The world is gradually moving towards the clean energy and Electricity holds a major chunk as a source of clean energy. However, there are many other advantages of constructing a dam which are discussed below.

1. Clean Energy

Supply of about 19% of the energy of the world is done via the hydroelectricity, which offers more than about 3000 terawatts every year. The production of the power is possible through dams due to the kinetic energy of the movement of the water, resulting in the spinning of the turbines that grants in the generation of the renewable and clean energy.

2. Drinking Water

A storage’s portion can be taken out from the reservoirs and provided for industry, municipal, and drinking. The water extracted through the reservoir, after adequate treatment, can be utilized for satisfying the need of drinking water to several nearby villages and towns.

3. Firm Navigation

Dams on rivers can be utilized for delivering a system of stable transportation of inland water. The United States’ navigable ways of water can be provided with a locks’ system using this technology for generating a safe region for people to transport supplies along with a series of other welfare.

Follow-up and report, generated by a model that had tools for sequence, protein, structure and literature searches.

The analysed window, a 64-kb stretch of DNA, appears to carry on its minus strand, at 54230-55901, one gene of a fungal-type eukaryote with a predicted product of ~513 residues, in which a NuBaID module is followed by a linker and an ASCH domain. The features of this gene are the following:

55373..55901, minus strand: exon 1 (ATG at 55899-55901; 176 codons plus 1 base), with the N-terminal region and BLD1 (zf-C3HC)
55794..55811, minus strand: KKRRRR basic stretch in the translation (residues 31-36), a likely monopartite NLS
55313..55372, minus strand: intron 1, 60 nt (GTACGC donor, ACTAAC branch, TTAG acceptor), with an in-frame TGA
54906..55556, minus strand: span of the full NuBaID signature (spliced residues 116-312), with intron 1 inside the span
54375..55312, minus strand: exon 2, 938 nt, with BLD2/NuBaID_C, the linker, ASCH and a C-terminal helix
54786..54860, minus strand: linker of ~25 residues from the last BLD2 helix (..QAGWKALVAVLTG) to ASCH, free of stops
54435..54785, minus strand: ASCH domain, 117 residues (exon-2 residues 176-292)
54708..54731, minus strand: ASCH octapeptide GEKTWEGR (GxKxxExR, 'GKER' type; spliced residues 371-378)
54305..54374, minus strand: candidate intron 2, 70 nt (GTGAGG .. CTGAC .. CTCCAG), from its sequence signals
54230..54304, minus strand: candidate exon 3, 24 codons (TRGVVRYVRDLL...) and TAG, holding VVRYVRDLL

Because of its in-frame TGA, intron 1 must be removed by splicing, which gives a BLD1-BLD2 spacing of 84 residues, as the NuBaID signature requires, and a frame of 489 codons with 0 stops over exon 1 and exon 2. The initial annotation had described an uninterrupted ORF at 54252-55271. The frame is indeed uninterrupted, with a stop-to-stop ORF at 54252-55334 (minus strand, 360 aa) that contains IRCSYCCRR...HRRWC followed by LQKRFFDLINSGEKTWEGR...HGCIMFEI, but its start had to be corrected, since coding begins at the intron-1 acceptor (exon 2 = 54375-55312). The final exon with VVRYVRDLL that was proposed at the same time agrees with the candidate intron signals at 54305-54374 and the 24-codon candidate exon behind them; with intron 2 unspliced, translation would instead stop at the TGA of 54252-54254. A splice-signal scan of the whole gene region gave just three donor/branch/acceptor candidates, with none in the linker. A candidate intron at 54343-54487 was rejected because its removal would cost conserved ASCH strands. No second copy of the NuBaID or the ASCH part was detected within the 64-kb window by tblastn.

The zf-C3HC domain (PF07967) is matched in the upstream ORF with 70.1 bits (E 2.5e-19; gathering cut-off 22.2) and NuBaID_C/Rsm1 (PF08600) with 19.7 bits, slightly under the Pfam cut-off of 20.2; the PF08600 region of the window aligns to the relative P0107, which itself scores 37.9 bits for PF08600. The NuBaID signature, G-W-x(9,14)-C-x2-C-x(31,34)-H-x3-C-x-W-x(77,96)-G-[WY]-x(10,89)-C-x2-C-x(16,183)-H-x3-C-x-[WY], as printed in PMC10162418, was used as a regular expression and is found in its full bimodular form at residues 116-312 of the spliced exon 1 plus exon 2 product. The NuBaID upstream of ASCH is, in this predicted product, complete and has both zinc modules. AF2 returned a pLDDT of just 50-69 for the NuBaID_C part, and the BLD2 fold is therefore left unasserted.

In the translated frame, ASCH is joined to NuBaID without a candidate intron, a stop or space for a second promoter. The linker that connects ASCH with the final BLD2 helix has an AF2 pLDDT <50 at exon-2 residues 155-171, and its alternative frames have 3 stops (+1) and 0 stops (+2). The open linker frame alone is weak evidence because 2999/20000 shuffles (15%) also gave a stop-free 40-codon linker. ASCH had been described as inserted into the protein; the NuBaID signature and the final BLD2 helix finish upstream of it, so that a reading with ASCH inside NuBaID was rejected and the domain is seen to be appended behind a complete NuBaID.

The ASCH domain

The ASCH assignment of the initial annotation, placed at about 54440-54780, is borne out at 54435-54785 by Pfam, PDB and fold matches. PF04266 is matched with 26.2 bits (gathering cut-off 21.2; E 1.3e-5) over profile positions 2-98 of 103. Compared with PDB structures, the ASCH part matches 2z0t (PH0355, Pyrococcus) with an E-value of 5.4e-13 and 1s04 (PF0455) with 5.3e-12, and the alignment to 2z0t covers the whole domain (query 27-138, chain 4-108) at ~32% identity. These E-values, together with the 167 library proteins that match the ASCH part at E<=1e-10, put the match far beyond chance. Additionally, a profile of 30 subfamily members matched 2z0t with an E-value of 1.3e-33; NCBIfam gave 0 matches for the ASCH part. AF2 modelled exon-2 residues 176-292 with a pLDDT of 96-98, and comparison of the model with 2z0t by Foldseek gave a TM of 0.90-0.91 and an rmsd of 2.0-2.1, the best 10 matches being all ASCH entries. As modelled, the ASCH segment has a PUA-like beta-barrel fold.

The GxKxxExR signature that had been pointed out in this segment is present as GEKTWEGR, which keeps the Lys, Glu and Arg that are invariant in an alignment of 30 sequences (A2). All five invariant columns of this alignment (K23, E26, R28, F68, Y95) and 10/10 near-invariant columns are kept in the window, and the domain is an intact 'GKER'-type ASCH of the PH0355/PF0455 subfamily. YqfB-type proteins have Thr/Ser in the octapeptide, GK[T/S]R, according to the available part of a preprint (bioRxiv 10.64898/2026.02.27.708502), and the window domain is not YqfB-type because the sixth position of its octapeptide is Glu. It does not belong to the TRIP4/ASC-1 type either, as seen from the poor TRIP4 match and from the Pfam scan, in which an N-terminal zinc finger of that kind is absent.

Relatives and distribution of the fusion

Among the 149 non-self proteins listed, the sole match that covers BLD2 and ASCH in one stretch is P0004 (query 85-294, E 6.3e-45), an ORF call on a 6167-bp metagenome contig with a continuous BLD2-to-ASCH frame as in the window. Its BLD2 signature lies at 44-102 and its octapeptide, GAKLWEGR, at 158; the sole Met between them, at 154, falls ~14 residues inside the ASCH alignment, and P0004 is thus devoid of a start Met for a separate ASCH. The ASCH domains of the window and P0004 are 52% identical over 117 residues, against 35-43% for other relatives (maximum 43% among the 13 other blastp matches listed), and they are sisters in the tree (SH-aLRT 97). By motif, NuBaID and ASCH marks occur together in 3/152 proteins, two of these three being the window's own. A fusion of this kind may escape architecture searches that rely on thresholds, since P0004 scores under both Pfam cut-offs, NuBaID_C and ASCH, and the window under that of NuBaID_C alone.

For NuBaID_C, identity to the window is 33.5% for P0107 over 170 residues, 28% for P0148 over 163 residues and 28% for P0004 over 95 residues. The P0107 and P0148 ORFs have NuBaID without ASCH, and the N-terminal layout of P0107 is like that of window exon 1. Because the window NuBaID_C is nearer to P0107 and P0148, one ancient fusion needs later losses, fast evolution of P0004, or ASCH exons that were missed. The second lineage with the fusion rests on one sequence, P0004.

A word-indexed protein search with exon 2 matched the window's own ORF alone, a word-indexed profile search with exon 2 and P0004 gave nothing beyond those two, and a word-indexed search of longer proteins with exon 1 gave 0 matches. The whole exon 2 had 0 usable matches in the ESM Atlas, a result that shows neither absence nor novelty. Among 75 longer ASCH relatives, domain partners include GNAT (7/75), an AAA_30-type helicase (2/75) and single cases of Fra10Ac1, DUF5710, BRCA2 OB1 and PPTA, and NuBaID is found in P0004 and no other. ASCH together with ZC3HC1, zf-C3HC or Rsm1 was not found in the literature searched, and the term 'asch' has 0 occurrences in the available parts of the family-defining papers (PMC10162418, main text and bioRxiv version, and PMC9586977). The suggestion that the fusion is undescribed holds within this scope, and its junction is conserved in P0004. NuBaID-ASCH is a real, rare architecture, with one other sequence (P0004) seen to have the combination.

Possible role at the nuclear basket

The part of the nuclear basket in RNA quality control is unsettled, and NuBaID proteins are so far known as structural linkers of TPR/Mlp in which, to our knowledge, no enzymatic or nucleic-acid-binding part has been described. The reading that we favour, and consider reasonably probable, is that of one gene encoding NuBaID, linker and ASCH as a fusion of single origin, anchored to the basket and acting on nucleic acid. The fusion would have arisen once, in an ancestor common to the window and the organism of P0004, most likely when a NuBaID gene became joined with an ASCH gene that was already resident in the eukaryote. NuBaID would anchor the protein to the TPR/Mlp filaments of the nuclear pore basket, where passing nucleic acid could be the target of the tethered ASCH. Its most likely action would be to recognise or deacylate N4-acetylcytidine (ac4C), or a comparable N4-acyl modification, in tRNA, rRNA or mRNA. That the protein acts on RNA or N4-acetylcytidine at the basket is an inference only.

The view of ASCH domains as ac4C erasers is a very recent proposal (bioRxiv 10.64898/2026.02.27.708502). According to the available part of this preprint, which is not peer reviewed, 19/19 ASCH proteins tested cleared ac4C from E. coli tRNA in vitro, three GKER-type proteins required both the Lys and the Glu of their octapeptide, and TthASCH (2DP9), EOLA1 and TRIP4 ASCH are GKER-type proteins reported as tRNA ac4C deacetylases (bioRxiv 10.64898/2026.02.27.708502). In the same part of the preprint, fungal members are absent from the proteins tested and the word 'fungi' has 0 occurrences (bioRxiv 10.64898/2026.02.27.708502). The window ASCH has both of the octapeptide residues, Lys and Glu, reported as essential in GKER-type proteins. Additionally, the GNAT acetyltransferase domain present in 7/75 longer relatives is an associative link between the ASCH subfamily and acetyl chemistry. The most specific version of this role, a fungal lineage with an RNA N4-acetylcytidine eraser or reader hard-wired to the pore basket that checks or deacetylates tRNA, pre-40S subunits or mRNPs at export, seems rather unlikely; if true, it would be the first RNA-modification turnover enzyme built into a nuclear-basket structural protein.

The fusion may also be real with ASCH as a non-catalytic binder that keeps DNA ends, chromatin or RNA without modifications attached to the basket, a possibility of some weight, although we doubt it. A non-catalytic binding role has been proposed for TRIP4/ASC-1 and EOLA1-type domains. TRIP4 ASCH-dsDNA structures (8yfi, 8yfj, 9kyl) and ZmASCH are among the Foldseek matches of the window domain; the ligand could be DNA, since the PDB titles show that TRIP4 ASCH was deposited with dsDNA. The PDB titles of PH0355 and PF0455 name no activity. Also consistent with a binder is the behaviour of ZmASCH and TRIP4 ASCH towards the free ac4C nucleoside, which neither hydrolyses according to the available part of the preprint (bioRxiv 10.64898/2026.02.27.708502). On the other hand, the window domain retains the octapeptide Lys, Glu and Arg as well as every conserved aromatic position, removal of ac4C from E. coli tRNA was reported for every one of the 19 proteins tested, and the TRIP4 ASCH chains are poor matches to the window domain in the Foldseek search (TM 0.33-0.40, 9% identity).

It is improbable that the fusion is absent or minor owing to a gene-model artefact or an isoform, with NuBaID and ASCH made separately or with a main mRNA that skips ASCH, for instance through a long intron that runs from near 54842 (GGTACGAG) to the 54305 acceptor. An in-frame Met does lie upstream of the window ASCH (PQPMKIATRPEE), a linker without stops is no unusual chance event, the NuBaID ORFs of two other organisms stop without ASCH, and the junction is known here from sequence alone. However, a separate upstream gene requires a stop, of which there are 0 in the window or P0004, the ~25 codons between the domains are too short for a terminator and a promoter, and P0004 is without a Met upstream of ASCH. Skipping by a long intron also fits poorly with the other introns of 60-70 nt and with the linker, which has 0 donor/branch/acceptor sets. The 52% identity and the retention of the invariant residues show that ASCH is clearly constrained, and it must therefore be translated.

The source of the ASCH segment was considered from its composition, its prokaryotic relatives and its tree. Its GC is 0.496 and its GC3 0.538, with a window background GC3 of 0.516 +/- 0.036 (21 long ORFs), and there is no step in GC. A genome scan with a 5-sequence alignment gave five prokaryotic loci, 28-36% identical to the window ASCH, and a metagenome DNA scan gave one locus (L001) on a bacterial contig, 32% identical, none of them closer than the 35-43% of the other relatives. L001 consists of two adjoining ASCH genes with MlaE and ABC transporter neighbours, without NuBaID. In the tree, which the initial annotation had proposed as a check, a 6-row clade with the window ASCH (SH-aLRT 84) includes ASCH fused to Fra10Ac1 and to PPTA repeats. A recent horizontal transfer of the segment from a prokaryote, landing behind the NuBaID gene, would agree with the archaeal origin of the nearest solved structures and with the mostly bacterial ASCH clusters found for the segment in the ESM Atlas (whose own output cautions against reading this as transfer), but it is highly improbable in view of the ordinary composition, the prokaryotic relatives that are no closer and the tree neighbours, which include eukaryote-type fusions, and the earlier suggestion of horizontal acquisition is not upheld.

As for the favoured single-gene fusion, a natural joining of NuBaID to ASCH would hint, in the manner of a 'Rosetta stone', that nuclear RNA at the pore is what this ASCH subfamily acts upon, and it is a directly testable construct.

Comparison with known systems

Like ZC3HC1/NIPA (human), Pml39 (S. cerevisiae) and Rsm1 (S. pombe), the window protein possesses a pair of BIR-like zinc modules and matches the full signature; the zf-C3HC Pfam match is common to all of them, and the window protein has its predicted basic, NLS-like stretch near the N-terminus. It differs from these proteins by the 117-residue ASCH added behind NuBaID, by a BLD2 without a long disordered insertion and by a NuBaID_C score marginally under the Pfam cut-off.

4. Facility of Irrigation

The immense quantity of water stored in the reservoirs of dams can be utilized for facilitating irrigation to the nearby fields. In the United States, around 10% of the lands of the crop are presently irrigated with the application of the water from a dam’s reservoir, benefiting thousands of jobs associated to the production of the crop.

5. Control of Flood

Prevention of the loss of the property along with the limitation in the risk to the life of the human from yearly events of the flood can be done with the aid of dams. Dams confiscate the waters from the flood into the reservoir behind them, granting us the facility of storing or releasing it within the controlled condition. Diversion of the extra precipitation can be done for serving irrigation, drinking water, etc., needs, leading to the control of flood.

Disadvantages of Dams

Regardless of the above-illustrated advantages, there are several drawbacks of dams that are presented in the below section.

1. Wastage of Water